Evaluation of micro-emboli in a patient with ventricular assist device support with hemolysis

Osamu Seguchi, Kozue Saito, Kazuki Fukuma, Keiko Shimamoto, Takuma Sato, Seiko Nakajima, Haruki Sunami, Kensuke Kuroda, Takamasa Sato, Takuya Watanabe, Hiroki Hata, Masanobu Yanase, Tomoyuki Fujita, Junjiro Kobayashi, Kazuyuki Nagatsuka, Takeshi Nakatani

Research output: Contribution to journalArticlepeer-review

6 Citations (Scopus)


The clinical relevance of transcranial Doppler (TCD) detection of micro-embolic signals (MES) in patients with ventricular assist devices (VADs) has been described. However, all of the previous studies concerning TCD in patients with VADs were conducted in patients with old devices; the clinical relevance of TCD in patients with newer devices has not been fully elucidated. We recently encountered a patient with a continuous-flow VAD with hemolysis. TCD monitoring was useful for the direct evaluation of micro-emboli in this patient. A 50-year-old male who underwent HeartMate II® VAD (Thoratec Corporation; Pleasanton, CA) implantation with a diagnosis of ischemic cardiomyopathy 15 months prior was admitted to our institution because of findings suggestive of hemolysis, such as elevated lactate dehydrogenase (LDH) and total bilirubin. Unfractionated heparin was started after admission and hemolysis gradually improved. On admission, TCD detected 146 MES during 30 min of monitoring. During the hospital course, the MES count decreased to 20 signals on hospital day 4 and further decreased to 2 signals on hospital day 15 along with decreases in LDH and total bilirubin. Since hemolysis in VAD patients is thought to be associated with thromboembolic outcomes, MES detected by TCD indicate subclinical micro-emboli. TCD monitoring may be useful for assessing the risk of thromboembolic events in newer continuous-flow VAD patients through direct visualization of micro-emboli.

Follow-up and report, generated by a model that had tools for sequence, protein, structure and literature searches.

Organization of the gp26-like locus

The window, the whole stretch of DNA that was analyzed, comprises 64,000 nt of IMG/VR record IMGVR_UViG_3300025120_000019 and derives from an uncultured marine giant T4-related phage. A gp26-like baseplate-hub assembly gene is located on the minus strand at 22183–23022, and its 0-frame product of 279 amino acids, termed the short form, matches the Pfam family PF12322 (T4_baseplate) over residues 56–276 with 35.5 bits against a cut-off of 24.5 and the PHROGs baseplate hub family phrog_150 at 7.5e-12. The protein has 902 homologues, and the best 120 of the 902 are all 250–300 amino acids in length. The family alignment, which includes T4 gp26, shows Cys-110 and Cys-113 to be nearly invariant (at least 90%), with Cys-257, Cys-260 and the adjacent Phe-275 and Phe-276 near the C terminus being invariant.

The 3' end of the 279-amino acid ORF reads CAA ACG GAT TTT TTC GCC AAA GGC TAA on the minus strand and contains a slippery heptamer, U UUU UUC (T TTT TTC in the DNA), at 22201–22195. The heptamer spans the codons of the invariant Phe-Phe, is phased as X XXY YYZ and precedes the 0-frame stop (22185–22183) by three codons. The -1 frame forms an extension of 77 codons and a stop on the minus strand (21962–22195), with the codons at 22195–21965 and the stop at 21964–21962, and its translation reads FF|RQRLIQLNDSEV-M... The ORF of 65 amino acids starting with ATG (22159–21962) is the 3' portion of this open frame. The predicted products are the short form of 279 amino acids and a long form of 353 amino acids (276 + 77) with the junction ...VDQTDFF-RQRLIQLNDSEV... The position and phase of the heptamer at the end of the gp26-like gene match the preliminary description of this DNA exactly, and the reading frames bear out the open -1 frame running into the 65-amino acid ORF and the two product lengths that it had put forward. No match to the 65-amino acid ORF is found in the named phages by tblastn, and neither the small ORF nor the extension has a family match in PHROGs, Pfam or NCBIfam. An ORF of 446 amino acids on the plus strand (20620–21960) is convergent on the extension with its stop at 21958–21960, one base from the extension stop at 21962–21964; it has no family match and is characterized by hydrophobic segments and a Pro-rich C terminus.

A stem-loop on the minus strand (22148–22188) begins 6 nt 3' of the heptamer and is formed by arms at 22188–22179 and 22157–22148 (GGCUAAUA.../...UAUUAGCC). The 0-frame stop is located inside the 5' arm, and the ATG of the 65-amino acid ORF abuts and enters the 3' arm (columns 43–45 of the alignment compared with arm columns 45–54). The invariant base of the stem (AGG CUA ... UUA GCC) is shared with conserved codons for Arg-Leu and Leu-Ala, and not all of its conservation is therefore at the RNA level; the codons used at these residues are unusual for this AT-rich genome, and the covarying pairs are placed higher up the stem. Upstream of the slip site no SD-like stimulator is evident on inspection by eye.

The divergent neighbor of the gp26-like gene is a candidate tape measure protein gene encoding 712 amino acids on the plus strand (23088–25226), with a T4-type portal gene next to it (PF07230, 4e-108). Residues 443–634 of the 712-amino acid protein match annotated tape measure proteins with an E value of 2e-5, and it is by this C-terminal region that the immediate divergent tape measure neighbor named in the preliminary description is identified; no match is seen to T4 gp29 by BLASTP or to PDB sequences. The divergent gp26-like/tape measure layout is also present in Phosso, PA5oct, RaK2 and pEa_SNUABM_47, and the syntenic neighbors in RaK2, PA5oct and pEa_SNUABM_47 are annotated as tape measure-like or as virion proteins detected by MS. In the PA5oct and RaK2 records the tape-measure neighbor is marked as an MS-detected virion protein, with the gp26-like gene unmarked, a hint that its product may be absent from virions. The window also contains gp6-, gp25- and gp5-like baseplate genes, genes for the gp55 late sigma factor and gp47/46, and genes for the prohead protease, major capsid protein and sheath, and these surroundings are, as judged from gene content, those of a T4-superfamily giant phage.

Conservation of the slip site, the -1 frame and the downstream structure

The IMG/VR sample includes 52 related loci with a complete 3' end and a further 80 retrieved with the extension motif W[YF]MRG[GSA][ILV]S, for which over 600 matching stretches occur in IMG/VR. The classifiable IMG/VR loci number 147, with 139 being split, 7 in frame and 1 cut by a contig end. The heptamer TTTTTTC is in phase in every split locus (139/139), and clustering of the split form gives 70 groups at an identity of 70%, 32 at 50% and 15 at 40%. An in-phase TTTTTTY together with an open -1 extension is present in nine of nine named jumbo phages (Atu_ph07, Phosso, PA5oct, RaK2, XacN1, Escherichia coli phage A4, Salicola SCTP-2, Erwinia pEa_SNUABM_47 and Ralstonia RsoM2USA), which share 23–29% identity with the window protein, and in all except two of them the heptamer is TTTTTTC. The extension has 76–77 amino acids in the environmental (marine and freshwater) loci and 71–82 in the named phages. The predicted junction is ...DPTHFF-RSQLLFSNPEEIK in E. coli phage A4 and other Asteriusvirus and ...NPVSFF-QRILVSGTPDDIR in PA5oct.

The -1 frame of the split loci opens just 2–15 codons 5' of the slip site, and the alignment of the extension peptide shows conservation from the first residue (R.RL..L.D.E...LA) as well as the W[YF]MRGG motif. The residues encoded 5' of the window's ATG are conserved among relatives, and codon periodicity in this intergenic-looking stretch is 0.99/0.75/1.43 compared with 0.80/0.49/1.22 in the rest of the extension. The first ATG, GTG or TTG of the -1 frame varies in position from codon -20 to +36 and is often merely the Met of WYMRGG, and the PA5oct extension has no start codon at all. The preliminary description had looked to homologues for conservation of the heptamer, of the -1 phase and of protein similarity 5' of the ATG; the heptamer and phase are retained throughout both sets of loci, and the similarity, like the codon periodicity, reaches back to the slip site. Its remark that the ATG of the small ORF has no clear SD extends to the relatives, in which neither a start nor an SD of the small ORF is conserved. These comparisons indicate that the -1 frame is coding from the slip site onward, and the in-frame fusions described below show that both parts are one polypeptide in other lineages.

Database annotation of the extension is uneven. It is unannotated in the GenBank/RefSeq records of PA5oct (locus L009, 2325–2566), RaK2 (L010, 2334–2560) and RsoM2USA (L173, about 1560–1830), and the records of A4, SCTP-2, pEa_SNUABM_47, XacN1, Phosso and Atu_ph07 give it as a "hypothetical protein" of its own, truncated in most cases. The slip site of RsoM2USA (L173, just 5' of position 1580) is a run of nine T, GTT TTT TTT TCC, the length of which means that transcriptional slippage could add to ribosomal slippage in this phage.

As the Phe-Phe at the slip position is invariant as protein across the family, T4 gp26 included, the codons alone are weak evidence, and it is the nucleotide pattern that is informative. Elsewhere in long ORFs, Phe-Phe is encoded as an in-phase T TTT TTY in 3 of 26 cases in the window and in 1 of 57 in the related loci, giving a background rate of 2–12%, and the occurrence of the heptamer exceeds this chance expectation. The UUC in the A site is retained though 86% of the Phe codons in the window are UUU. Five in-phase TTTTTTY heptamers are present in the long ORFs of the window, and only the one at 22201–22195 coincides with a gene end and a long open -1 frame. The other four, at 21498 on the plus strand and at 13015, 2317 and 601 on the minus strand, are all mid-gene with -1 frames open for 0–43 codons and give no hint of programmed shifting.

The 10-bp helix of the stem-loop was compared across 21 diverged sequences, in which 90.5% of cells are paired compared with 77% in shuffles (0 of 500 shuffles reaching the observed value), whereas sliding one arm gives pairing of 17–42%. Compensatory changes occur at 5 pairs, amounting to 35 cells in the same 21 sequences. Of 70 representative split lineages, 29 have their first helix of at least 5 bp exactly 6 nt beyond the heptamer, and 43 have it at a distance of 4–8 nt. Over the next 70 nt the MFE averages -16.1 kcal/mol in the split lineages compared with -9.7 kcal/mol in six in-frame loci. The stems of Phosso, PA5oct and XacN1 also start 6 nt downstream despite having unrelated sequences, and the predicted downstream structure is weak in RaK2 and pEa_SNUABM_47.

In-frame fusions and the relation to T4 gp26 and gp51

Original languageEnglish
Pages (from-to)276-279
Number of pages4
JournalJournal of Artificial Organs
Issue number3
Publication statusPublished - 04-09-2015
Externally publishedYes

All Science Journal Classification (ASJC) codes

  • Medicine (miscellaneous)
  • Biomaterials
  • Biomedical Engineering
  • Cardiology and Cardiovascular Medicine


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